In William Easterly’s post “Why can’t leading conservative magazine understand freedom?” he refers to a National Review article “China Teaches US Lessons About Economic Freedom“. I replied in the comments:
I’ve read this post four times, and it’s still not very clear what you’re arguing for and against.
I think you’re reading far too much into a what are simple, broad analogies that express a sentiment not a formula. All he’s saying is that small increases in freedom produced a great impact on china. And he’s implying that small decreases in freedom here in the USA, will have as grand a set of effects.
I think you’re both confused and you both overrate government, overrate individuals, and underrate demographic migration and change.
Growth was easy for the USA during the 1800’s: buy half a continent from Napoleon and import millions of Europeans into it. Sell them all sorts of consumer goods so that they fill up the territory, and so that you can collect profit and create capitalist barons doing so. Use the cheap land and labor to produce commodity goods and sell them to europe. Cause a price catastrophe in europe. Let them have a horrendous civil war and inherit their intellectuals and england’s naval empire.
Now, take a country like china, forcibly held back in ignorance and poverty by Mao who decided it was better to have everyone poor and suffering than a wealthy south and a poor north and west — fragmenting the chinese empire. Now, import vast amounts of western technology, western banking and accounting technology in particular, and use your inexpensive labor to produce goods based on that technology cheaply and sell back to the westerners.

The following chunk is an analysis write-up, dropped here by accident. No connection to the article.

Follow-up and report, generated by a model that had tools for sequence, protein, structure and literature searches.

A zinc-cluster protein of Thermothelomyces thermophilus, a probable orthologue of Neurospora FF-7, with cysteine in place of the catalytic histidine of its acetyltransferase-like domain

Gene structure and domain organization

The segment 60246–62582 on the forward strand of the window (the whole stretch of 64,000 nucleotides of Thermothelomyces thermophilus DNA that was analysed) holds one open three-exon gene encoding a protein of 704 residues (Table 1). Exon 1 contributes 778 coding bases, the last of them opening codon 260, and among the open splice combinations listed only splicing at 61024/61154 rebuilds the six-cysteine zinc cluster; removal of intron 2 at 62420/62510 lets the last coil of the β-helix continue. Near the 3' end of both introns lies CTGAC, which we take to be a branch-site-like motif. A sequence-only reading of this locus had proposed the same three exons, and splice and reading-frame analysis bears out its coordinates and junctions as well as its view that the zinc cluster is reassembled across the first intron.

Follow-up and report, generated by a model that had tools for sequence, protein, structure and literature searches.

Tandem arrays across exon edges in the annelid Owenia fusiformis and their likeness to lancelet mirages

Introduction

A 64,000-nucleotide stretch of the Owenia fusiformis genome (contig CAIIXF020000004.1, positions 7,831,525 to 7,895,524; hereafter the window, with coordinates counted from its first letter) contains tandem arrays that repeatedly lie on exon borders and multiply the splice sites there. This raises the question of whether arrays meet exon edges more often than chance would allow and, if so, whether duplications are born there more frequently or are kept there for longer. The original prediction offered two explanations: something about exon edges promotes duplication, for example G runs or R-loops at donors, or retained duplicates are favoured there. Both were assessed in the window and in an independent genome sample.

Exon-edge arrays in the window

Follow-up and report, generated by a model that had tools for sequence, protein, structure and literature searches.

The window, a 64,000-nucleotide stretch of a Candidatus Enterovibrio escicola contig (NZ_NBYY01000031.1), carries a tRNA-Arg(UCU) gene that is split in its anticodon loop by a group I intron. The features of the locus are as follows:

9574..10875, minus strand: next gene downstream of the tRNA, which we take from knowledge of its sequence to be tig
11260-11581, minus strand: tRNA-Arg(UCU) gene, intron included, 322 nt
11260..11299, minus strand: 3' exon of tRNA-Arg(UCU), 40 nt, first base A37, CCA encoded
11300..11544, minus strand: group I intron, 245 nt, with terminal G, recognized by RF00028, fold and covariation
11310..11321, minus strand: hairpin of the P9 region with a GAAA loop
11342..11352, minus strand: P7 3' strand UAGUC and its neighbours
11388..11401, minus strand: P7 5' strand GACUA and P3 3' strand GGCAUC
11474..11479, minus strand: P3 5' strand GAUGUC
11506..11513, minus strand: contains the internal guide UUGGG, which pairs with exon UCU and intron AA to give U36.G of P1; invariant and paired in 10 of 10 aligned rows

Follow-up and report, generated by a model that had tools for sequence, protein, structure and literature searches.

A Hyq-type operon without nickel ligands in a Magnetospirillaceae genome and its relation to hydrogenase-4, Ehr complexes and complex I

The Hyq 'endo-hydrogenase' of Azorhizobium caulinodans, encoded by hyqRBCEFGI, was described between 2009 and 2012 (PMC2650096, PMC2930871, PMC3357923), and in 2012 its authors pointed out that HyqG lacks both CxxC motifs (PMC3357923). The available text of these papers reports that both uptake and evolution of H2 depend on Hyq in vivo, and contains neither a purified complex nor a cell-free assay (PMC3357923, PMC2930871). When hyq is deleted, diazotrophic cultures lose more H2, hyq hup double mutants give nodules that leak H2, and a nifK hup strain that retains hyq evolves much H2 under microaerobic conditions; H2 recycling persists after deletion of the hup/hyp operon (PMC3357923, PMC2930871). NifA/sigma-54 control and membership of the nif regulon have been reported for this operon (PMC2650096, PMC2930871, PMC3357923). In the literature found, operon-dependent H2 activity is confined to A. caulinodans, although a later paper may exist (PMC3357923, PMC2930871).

China’s growth is largely in the form of construction: moving people from hovels in the rural areas, to apartments in urban areas. The country is vastly poor. And it’s per-capita GDP is horrid. They used totalitarianism and capitalism to manage their expansion, we used republicanism and capitalism to do the same thing. There is nothing interesting about china. Nothing. There is nothing interesting about america, either, which is why you’re both confused.
What’s interesting is how Europe in general, and England in particular, created so much innovation, how Americans capitalized on it, and how we can use that tradition and culture of innovation to compete in a world where we are no longer the one making money from a huge demographic change.
Once cheap labor stops, and marginal differences in knowledge are exhausted, what remains is a nation’s ability to dynamically reorganize production in real time, and to competitively innovate in real time.
The question is, whether Americans will maintain their innovative risk taking speculative culture without the military and economic dominance they possessed in the last century, and the resulting control over the international banking and trade system.
William Easterly wrote:
Curt and Sam, thanks for your comment. I was making a simple point: the article had a double standard for the Negative Changes in Economic Freedom in China and the US.
And, 2nd, in giving so much general credit to Deng Xiao Ping vs. America’s leaders, it ignored Deng’s despicable actions against individual freedom in Tien An Men Square, and continued violence against and imprisonment of dissidents in China.
William, thank you for replying.
Let’s define Freedom. Because unless we define it, I’m not sure what you’re talking about.
Freedom: absence of external constraint.
- 1) Individual freedom: freedom of thought, action, property exchange. The freedom to cooperate for INDIVIDUAL ends.
2) Political freedom: speech, assembly, leadership, concentration of wealth. (The right to cooperate against others who have a similar right) The freedom to cooperate for GROUP ends.
3)Legislative Freedom: This includes the freedom to establish property definitions (real, several, built) as well as abstract (patents, options), as well as enforce normative opportunity cost payments, including manners, ethics and morals, and normative tax payments for a multitude of purposes.
4) National freedom: freedom to control and compete for resources by establishing legal monopoly on violence over geographic territory. (In other words, adding territory to legal freedom.)
5) Cultural Freedom: Freedom to employ, coerce, convert, and compete using different opportunity cost norms (opportunity cost payments required of members) as a means of competing against other groups who have different opportunity costs, and different capital structures.